As we anxiously await the results from the Iowa Caucuses, I’m sharing some links! These links are some that I used for research and info about the system in Iowa (the Caucus system):
This isn’t a primary. It’s a non-binding straw poll of those who show up for the precinct meetings. It’s more representative of grassroots opinion than the Ames straw poll, because people don’t have to be bussed in or pay a significant fee to vote. For the Iowa caucus straw poll, Republicans will vote near their homes, all over the state, for free. Turnout will be higher than Ames by an order of magnitude — about 17,000 votes were cast at Ames, about 120,000 were cast on caucus night four years ago. Media interest in the outcome is reasonable, especially with no previous hard numbers from any state to indicate candidate strength, but media attempts to estimate delegate count based on Tuesday’s GOP result are baloney. The true count of bound delegates on Wednesday morning will be goose-eggs across the board.
True that, Michael Bates!
Caucusing isn’t exactly like voting. It can take hours. And the process rewards candidates who can organize volunteers, and those who attract older voters who like to socialize at these events.
So here’s how it works.
Tonight at 7 pm Central Time, about 130,000 Republicans will gather into different 1,774 precincts across Iowa. A precinct could be in someone’s living room, a school, or in a town hall.
Usually there is chatting about how the process works and who people plan to vote for. Crucially, voters have lots of time to look at the pins and signs other people are carrying and take a guess at who is leading in their caucus room before anyone votes.
That means participants have a chance at switching their vote to block someone from winning. If it looks like Mitt Romney will win a room before the vote starts, Perry and Bachman supporters can throw their weight behind Rick Santorum to try and stop him. That is why Iowa results have a strong chance of not-aligning with the polls.
First the caucus selects a chairman and a secretary to organize the rest of the proceedings. The participants then elect representatives to attend a county convention late this month which will actually select the delegates. There are 99 counties in Iowa, thus 99 conventions. Those meetings select people to attend the State Convention. And in turn, the State Convention held late in the year actually selects the delegates who will represent Iowa in Tampa at next summer’s Republican National Convention. They will select delegates based on the proportion of tonight’s vote.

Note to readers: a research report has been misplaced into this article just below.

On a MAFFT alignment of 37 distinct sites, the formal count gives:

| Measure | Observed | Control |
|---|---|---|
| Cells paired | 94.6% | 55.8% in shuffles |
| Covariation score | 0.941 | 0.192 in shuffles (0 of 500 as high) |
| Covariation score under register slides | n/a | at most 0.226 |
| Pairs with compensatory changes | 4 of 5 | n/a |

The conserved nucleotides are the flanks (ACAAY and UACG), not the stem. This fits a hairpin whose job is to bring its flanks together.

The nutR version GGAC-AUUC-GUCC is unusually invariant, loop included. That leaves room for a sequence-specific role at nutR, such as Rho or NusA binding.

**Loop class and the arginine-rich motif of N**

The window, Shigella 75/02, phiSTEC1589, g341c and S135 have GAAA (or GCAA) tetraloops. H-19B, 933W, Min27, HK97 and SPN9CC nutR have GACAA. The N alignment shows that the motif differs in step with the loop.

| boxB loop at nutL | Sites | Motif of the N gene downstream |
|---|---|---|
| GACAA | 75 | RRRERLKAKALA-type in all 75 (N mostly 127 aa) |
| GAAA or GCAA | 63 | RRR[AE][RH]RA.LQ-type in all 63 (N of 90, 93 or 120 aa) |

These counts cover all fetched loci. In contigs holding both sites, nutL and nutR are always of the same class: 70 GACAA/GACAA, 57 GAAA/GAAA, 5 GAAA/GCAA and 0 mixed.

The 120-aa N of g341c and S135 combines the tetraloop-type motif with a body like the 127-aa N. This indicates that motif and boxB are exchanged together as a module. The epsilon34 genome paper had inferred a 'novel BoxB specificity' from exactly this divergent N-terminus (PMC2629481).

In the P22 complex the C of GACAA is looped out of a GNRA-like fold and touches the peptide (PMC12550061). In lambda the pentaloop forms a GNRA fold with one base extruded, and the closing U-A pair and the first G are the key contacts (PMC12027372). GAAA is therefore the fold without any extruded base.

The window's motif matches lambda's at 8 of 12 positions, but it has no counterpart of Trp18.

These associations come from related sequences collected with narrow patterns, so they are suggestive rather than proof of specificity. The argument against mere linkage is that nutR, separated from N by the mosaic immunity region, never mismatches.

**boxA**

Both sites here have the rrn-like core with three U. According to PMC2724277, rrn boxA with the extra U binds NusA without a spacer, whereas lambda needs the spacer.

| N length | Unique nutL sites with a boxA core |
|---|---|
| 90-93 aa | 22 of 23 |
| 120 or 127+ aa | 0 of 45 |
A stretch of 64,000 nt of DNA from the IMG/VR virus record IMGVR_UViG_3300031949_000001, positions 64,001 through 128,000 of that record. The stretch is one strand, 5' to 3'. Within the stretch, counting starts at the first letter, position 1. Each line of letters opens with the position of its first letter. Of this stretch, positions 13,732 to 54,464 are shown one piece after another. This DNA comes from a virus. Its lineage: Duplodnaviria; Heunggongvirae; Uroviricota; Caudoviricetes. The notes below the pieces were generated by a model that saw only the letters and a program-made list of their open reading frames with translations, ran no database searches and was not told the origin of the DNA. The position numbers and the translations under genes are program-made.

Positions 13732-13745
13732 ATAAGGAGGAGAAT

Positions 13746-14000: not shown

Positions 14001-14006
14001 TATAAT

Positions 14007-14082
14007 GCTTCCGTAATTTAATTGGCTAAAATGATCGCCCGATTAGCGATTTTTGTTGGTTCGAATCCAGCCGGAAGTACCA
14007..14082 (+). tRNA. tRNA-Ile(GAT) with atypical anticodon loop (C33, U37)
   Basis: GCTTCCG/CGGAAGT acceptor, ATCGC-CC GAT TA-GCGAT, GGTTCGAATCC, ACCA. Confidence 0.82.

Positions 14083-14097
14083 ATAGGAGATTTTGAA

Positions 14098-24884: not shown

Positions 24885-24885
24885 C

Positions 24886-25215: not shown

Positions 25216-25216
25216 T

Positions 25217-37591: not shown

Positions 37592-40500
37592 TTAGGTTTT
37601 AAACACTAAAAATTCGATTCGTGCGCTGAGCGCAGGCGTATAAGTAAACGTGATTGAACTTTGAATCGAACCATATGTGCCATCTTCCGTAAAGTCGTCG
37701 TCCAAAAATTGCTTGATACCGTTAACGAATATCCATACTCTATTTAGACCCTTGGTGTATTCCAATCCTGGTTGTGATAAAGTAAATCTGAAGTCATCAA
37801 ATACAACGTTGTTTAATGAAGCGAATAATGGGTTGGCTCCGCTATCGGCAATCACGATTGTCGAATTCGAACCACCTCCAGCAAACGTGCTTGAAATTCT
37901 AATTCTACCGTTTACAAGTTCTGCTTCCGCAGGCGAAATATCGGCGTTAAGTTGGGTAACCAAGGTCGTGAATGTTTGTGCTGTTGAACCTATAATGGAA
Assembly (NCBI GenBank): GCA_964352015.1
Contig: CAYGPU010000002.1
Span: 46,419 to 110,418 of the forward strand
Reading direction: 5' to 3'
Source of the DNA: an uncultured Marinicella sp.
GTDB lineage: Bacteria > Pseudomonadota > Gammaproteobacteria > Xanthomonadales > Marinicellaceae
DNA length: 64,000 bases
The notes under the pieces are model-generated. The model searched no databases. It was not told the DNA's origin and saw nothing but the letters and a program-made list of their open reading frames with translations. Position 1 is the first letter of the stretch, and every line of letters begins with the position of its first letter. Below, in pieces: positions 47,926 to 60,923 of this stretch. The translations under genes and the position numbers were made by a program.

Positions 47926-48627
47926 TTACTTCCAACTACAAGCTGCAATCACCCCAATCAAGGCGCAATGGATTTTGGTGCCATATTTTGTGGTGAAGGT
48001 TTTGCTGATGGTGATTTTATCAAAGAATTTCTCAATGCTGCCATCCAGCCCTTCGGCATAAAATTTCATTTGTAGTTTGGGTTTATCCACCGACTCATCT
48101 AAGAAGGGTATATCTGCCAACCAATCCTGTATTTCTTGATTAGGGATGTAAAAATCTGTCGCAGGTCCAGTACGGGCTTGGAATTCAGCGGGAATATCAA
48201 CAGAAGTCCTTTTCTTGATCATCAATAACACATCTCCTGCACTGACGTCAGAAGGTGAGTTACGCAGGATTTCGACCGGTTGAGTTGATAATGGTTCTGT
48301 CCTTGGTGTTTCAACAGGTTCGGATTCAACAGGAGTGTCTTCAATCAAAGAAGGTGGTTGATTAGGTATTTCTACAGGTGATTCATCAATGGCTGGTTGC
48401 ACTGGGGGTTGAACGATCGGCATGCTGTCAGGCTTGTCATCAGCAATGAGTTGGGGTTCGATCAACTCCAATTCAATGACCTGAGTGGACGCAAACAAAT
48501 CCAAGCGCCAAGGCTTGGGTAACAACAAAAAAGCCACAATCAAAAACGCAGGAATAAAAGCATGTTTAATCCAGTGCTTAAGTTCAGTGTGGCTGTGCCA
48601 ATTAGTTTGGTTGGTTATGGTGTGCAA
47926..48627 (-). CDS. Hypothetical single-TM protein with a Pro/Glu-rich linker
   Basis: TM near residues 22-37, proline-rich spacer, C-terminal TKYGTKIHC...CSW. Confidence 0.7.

After the county-conventions business is concluded there may be some discussion about the party’s platform – like toughening up a pro-life plank, or adding one about the judiciary and same-sex marriage. Sometimes the precinct will move right to the nominating process.
There will be time for a representative of each candidate to make a speech to everyone at the precinct. Sometimes campaigns appoint people to be their “precinct captains” – and try to prepare them with a persuasive final speech. All reports indicate that tonight Ron Paul has the most volunteers and the best prepared ones.
Then votes are done by secret ballot. Some precincts will use blank sheets and people will write down their favorite candidate, others have pre-printed ballots. And it is one man, one vote. Once the votes are tabulated, the results are called into Des Moines, Iowa where the state party officials are headquartered tonight.
Democratic caucuses tend to be more exciting because if a candidate fails to achieve a certain threshold of voters, they have to switch their support to another candidate. This can create quick alliances. It explained why Barack Obama surged ahead of Hillary Clinton in Iowa four years ago even though some polls had her leading in the state by 9 points the day before the Caucus.
Buckle up – it can get bumpy from here on out.
Buzzfeed on Ron Paul’s plan to win:
Ron Paul — poised to finish strong in the Iowa caucuses – has begun to implement a quiet, complex plan to force a long battle with Mitt Romney for delegates to the Republican National Convention in August. His advantages: Experience, organization, and the legacy of the 2010 Tea Party revival, which convinced Republicans that anti-government figures like Paul just aren’t as weird as they’d thought.